Sister RATT 2: Jackin' the Habit

You know when you learn of something one day and all of the sudden it feels like it's following you for weeks? Generally, I believe this is the work of malevolent spirits sent to test my nerve but I'm open to peer-reviewed psychological phenomena as well. So someone come collect Mr. Baader-Meinhoff because I'm hole deep in RATT thanks to his syndrome.

YES, this is about RATT. For reasons unknown to me, other than I'm a total badass, the cosmos have decided to burden me with a love of 80s glam metal. Twisted Sister, Warrant, Lita Ford, Ozzy's Ultimate Sin album (1986) and now, the Sunset Strip's original outlaw yeehaws, RATT. Gunslinger and desperado imagery featured heavily in their lyrics, and many acts like them, and as a sucker for leather and a persecution complex, I recently dove spurs first into RATT's debut album, Out of the Cellar (1984).

What I heard was 37 minutes of predictable guitar and overwrought stadium drumming. But what I unearthed from desert dust was a queer outlaw love story that we've been sleeping on for 35 years.

Due to the call-and-response nature of these songs dominated by male vocals, and actually assigning female gender to characters in others, I read them as vignettes laden with queer relationship dynamics.

The entire album is predicated on a cat-and-mouse game featuring our nameless hero, the "leader of this Ratt gang" (Wanted Man), who I'm gonna call Ratthew for simplicity. From the jump, we're introduced to a dealer with snake eyes threatening his turf. Ratthew clearly has some sexual tension with this fella who's dressed in hot leather and carries cold steel. Ratthew engages in some butch signalling by defiantly mentioning he drinks whiskey. It culminates in references to rope kink and at this point I’m eager to find out which song they fuck in later on.

"You're In Trouble" is a dialogue between Ratthew and a primary partner, who's concerned that Ratthew's got in over his head. However, there's a thread of support in the lyrics -- his partner glamourizes this urban gunslinger lifestyle, even claiming he's getting his life. This is probably the healthiest relationship for Ratthew and, in a bit of deep disclosure, his partner reminds him he's the top.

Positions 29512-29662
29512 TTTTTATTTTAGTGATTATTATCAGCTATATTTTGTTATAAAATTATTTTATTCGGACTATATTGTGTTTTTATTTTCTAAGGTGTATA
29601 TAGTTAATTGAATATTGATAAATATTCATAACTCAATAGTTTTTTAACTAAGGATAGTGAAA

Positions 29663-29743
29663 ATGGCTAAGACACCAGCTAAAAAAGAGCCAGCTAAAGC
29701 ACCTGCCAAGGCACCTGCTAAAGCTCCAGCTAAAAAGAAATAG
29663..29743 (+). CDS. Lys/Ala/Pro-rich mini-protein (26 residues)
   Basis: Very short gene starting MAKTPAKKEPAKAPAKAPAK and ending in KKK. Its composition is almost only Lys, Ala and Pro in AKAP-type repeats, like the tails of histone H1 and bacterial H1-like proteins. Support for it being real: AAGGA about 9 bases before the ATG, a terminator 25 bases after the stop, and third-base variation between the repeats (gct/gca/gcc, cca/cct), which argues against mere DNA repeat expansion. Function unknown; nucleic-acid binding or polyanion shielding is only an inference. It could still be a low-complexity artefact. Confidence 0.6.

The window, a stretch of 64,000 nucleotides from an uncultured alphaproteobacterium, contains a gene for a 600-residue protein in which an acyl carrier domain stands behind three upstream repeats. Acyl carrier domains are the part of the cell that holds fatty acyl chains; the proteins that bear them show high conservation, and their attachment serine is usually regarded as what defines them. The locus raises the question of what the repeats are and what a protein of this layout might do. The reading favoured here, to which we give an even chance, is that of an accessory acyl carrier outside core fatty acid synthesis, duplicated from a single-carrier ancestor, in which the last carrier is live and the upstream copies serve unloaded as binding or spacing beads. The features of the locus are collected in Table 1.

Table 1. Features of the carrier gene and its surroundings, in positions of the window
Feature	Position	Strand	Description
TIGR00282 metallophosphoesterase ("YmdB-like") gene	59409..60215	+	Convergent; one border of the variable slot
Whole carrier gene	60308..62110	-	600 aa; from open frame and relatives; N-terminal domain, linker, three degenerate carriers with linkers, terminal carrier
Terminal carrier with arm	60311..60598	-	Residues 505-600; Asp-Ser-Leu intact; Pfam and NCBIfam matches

"Round and Round" provides further exploration into their relationship. It seems a third has been part of their dynamic and they're now quantifying the emotional labour required of a triad. The men are attempting to break up with her but as the lyrics suggest, they've been through this before and they'll go round and round until tragedy strikes. That's when they show their hand -- and their asses -- and invoke the classic love story of Romeo and Juliet. She seems nonplussed and is almost amused at how fraught their attempt at dissolving the relationship came across. Honestly, with the stresses of the Reagan's 1980s, they should be commended for having stayed together this long (which is a real variable but, eh, let's call it two years).

From here on, Out of the Cellar explores the usual fare of one-night stands, party culture, and fetishizes the skid life. But if you join me between the lines and sink your teeth into the sonic wasteland, you'll hear blisteringly hot takes on the American Dream. Listen to the chilling bells of heartache on "In Your Direction". Savour the anthemic anthem of the sex-positive "She Wants Money". Wallow in the lurid green of "The Morning After".

If Ralph Bakshi's American Pop is the intergenerational musical bildungsroman of an immigrant family in the unforgiving United States, surely Out of the Cellar is the skid row analogue. 

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